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Lecture 5

AS.190.209 Lecture Notes - Lecture 5: Kenneth Waltz, Security Dilemma, Unbridled

AS Political Science
Course Code
David, Steven R

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Discuss how the BOP system supposedly worked in Europe in 17 and 1800s.
Evaluate the assumptions of BOP system and what undermined it, considering the different
views of realist scholars
For some, the BOP is any distribution of power; for others, it is an indication of superiority;
finally, it sometimes refers to an equilibrium. For some, the BOP represents a system of states
behaving in a certain way; for others, it represents an aim or a goal; finally, to some, it is a
means for another goal. For those who focus on the third image, states automatically achieve a
BOP mode. Another view is that it is not automatically followed; you need a skilled statesman
to guide a country down the proper course for BOP to work.
David’s definition: BOP is a process in which independent states seeking to preserve their
security in an environment of anarchy combine in ways to ensure that no one state or group of
states will emerge preponderant. First, there are independent countries, each of whom is
seeking to expand their power. Secondly, each of these states seek to survive. Finally, they’re all
interacting in this environment of anarchy (there is no world government beyond the state that
adjudicate disputes and behavior). The result of these three characteristics is that states will
combine in ways to prevent any other state or group of states from becoming too dominant
and thus threatening their existence (third image)  align with other countries to prevent any
one country from becoming too powerful. The BOP theory does not explain specific policies of
states. What it gives you are the motives of countries, the constraints that states face, the
constraints of the power of other countries to resist that domination, and the arena of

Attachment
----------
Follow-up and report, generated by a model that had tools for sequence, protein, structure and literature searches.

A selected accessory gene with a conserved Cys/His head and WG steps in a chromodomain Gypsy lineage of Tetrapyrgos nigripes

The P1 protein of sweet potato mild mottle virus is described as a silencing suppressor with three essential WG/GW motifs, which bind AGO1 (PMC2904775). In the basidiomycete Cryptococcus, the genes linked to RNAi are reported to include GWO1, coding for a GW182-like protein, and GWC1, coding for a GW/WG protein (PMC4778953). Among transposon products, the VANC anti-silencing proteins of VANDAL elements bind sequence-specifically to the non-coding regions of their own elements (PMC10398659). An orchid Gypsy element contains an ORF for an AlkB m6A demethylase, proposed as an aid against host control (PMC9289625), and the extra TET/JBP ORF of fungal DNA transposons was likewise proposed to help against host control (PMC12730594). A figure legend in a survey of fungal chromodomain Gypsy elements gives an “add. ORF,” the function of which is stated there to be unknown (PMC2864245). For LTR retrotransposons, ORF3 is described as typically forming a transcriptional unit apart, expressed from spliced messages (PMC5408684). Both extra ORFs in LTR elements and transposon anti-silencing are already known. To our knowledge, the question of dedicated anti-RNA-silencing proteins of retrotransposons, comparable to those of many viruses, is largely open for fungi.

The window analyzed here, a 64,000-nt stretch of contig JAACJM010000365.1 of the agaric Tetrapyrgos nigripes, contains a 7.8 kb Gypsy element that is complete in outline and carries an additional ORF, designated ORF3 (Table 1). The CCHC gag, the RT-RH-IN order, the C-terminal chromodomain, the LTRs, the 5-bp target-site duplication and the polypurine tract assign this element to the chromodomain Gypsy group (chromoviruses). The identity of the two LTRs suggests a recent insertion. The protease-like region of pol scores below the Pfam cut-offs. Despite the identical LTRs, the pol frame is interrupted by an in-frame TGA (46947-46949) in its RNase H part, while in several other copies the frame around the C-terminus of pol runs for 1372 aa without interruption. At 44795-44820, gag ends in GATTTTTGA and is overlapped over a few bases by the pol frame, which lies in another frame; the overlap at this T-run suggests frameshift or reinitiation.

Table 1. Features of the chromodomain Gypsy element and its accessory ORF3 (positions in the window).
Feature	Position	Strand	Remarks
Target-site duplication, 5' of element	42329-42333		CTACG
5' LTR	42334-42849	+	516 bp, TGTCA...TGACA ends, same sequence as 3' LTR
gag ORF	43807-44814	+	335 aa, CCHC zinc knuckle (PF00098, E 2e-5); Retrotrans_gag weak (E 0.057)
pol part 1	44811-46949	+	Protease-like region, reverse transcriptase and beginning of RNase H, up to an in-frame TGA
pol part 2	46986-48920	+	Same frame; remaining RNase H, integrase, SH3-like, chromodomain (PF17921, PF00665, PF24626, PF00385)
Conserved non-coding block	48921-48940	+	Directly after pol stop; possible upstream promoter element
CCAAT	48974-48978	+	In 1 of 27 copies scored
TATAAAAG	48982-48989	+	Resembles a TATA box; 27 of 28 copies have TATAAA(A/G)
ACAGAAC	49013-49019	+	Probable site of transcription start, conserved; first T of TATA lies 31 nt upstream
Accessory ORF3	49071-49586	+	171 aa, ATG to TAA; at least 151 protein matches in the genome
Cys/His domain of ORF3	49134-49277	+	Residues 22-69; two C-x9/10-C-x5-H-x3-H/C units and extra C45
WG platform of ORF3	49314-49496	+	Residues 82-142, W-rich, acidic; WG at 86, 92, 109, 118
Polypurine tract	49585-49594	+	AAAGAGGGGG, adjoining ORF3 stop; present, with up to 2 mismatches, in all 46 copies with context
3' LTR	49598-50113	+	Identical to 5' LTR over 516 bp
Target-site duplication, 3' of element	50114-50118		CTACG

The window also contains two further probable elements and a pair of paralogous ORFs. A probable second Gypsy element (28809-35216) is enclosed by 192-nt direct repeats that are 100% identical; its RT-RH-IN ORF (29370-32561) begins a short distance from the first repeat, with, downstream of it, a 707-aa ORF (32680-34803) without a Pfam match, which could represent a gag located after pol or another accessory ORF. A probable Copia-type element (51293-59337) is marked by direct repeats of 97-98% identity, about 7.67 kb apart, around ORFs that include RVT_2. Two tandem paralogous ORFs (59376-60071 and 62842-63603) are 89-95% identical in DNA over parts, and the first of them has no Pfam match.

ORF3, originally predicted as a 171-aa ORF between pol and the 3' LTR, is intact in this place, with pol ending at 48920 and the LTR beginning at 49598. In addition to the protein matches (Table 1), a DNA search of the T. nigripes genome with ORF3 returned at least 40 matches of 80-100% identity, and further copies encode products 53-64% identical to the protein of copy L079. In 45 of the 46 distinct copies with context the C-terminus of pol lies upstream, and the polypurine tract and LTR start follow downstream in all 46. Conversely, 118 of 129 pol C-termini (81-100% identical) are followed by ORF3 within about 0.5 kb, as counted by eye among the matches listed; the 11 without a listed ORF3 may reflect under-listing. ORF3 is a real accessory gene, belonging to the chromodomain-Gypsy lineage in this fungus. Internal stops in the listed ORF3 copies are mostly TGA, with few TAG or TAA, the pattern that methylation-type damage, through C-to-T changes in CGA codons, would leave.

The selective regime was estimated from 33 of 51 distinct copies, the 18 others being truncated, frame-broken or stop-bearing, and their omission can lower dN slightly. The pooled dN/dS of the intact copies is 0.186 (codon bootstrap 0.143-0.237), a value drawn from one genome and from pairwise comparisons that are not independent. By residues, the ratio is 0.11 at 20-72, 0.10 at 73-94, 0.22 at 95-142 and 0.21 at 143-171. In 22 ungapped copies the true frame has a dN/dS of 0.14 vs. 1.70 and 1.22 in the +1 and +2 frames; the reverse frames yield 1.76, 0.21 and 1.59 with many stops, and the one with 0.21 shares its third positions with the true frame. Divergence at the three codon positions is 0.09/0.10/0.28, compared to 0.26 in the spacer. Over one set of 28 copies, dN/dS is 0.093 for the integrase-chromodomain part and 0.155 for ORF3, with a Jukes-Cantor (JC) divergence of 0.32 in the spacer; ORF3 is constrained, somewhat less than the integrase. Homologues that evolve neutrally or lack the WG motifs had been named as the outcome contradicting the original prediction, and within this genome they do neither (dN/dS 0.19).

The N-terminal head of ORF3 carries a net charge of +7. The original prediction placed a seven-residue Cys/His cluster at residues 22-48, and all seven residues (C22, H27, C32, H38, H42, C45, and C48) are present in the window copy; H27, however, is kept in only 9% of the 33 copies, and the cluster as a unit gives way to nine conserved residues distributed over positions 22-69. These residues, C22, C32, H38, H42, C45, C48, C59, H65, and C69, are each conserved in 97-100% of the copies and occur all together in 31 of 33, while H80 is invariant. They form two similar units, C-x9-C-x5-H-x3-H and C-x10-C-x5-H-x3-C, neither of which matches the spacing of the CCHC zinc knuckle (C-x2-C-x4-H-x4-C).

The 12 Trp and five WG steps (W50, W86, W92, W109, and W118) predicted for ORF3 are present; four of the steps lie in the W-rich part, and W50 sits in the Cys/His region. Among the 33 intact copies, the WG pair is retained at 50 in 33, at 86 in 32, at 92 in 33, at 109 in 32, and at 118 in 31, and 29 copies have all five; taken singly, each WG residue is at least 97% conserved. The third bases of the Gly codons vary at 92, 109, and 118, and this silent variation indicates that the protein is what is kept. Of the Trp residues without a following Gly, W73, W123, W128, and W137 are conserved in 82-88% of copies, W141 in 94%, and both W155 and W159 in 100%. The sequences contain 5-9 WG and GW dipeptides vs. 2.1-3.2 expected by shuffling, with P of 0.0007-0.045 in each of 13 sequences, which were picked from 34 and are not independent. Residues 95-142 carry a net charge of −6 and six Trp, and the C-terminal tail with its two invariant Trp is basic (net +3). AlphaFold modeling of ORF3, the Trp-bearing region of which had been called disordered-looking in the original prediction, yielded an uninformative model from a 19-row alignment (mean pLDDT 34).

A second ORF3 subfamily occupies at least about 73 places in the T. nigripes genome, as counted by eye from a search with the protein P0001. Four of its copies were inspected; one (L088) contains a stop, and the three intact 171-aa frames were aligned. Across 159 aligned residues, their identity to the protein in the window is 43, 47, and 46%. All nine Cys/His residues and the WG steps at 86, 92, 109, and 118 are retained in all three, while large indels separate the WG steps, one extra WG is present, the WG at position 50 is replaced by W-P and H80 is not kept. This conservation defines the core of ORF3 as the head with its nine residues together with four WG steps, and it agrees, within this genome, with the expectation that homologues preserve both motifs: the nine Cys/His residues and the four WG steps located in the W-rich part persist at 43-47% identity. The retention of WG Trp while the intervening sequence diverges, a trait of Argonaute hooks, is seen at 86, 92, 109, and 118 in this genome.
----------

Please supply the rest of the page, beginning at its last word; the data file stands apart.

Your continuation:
international anarchy in which all this takes place. How motives and constraints combine to
form specific policies depend on the situation and, to a certain extent, the states themselves.
How did the BOP system in Europe operate in the 19th century? The foundations of the BOP
system emerged out of the Peace of Westphalia. Europe had just undergone this horrific 30
years’ war in which the states of Europe each tried to violently impose their own view of
religion and domestic structure on other states. As a result of this war in which states were
interfering in the affairs of other countries, the outcome of the Peace of Westphalia was the
principle of sovereignty – states should not interfere in the internal affairs of other countries.
This principle of sovereignty was reinforced in the Congress of Vienna – a meeting of the
representatives of the great powers of Europe after the defeat of Napoleon. The goal of the
Congress of Vienna was to restore stability and peace in Europe after Napoleon’s effort to
conquer Europe. It largely succeeded by reinforcing the principle of sovereignty and promoting
a BOP system; Europe was largely peaceful until WWI.
Assumptions of BOP system:
1. There needs to be a state system of neighboring independent countries of about equal
power connected in some way. In 1815, there were 5 major powers – Britain, France,
Russia, Prussia, Austria – all connected geographically in Europe.
2. There needs to be a framework – a recognized size of the system to be balanced. There
has to be some limit to the number of countries to be balanced (more than 1). In 1815,
states bordered each other and had diplomatic interactions, and were separated from
other regions in terms of relevancy.
3. It’s also important to have homogeneity (second image). Many BOP theorists argue that
states that participate in the BOP system should have a similar outlook on fundamental
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